August 2020 | Commentary | COVID-19

5 Lessons Learned During the Crisis

Tags: Labor Management, Freight Forwarders, Technology

As a major player in the freight forwarding industry, and having been through the SARS epidemic in China, I have learned and implemented some key lessons that are vital not only in navigating a pandemic, but doing so efficiently.

1. Preparedness. Businesses struggled and reacted to every new crisis or issue daily. No one had a comprehensive plan to navigate a health crisis, hurricane season, giant dust clouds, and even a locust invasion.

Having an effective and adaptable business contingency plan in place for your employees and operations provides the basis of a plan for future crises. The key word is flexible—one solution won't fit all, but forming plans to safeguard the health and safety of your employees is the first step to ensure your operations keep running effectively.

2. Adapt and accelerate new technologies and digitization. New technologies are drastically changing the way we work by improving productivity, repurposing our teams to higher-value tasks, and supporting the ability to provide a superior level of quality to customers.

This has never been more important than now when most of the world is working remotely. Service providers also have to liaise with customers about digitization efforts. We need to not only invest in new technologies and digitization, but also encourage our customers to implement them.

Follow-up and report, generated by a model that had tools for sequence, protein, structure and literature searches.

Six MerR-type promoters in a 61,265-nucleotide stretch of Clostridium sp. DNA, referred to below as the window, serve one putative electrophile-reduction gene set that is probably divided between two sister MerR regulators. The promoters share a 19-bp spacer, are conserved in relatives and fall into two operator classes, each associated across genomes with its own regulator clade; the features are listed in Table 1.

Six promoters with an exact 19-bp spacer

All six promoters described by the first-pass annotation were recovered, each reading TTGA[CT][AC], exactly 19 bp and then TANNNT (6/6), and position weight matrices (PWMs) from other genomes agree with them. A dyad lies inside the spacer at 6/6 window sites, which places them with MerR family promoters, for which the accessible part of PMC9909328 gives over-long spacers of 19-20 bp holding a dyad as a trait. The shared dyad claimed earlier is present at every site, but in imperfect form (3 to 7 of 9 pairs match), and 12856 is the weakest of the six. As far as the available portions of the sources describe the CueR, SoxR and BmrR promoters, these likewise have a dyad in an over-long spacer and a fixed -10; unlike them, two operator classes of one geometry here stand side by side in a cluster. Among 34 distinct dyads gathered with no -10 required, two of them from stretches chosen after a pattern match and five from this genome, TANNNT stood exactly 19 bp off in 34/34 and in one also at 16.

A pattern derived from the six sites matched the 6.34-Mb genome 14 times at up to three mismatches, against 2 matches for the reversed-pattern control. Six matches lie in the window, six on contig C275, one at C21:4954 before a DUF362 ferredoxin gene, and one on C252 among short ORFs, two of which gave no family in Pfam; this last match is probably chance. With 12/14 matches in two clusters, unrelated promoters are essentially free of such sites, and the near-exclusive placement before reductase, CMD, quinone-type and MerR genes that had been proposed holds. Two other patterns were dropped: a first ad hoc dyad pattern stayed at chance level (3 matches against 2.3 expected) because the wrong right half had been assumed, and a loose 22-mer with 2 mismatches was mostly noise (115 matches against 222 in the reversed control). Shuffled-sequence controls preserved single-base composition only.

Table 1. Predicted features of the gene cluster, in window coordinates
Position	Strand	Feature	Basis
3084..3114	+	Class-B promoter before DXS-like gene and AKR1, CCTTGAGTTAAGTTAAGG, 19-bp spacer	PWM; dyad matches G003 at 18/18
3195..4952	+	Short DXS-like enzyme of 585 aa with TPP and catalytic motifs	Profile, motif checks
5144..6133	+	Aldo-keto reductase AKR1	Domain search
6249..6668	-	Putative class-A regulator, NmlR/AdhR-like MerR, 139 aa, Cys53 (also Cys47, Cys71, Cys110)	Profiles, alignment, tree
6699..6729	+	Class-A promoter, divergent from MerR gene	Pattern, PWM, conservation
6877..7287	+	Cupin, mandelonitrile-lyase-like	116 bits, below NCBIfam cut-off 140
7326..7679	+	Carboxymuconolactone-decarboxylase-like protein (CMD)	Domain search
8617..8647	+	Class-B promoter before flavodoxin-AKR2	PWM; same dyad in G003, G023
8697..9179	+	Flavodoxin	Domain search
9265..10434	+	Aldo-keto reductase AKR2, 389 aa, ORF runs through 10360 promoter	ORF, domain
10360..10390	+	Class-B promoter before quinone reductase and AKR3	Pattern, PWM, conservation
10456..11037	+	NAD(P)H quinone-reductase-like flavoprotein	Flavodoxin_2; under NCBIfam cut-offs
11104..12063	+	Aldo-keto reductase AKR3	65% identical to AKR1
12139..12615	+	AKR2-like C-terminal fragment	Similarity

3. Flexible workplace. Employers have to create flexible and multitasking job positions, focused on critical business processes, to assure continuity in the midst of a global calamity, with an end-to-end perspective. Remote offices and online resources for employees are crucial. The workplace and the way we work won't be the same—it can't be—but employees can work remotely effectively and efficiently with an increase in engagement.

4. Leadership. Companies need to develop resourceful and change-agile mindsets in all team leaders to make decisions and deliver results under ambiguous circumstances.

Foster competencies and skill sets of current and future employees so they can give clarity, direction, and respect in a crisis, and are able to motivate and build trust with employees and teams spread over long distances. You have to connect and engage with employees and build a high morale to deliver results for customers and the business.

You need leaders who create other leaders and develop decision-making skills and business judgment at all levels within the organization. Leadership is one thing when your teams sit outside your office, but a completely different endeavor with large virtual teams who don't meet often.

Working at home at the start of the crisis was a novelty, but as it continues, keeping your teams engaged and motivated will be a key task for leaders.

5. Environment of authenticity. This is a two-pronged need. First, be authentic and transparent with your employees. Understand that they are adapting to a new normal as well, as an employee and in their personal life. They need your support to navigate this challenging time. It's not only the right thing to do, but will also boost productivity and encourage engagement and passion for your company. There is no truer advocate for your business than an employee who believes in the values you stand for.

Second, authenticity builds your brand into something influential and gives substance to your services and products. This is especially important with customers, and illustrates that your high values align with your high quality of business. A commitment to quality should be a no-brainer for any business, but during times of crisis, it establishes you as a reliable and trustworthy company that is there to navigate any challenges and difficulties together.






Visit Our Sponsors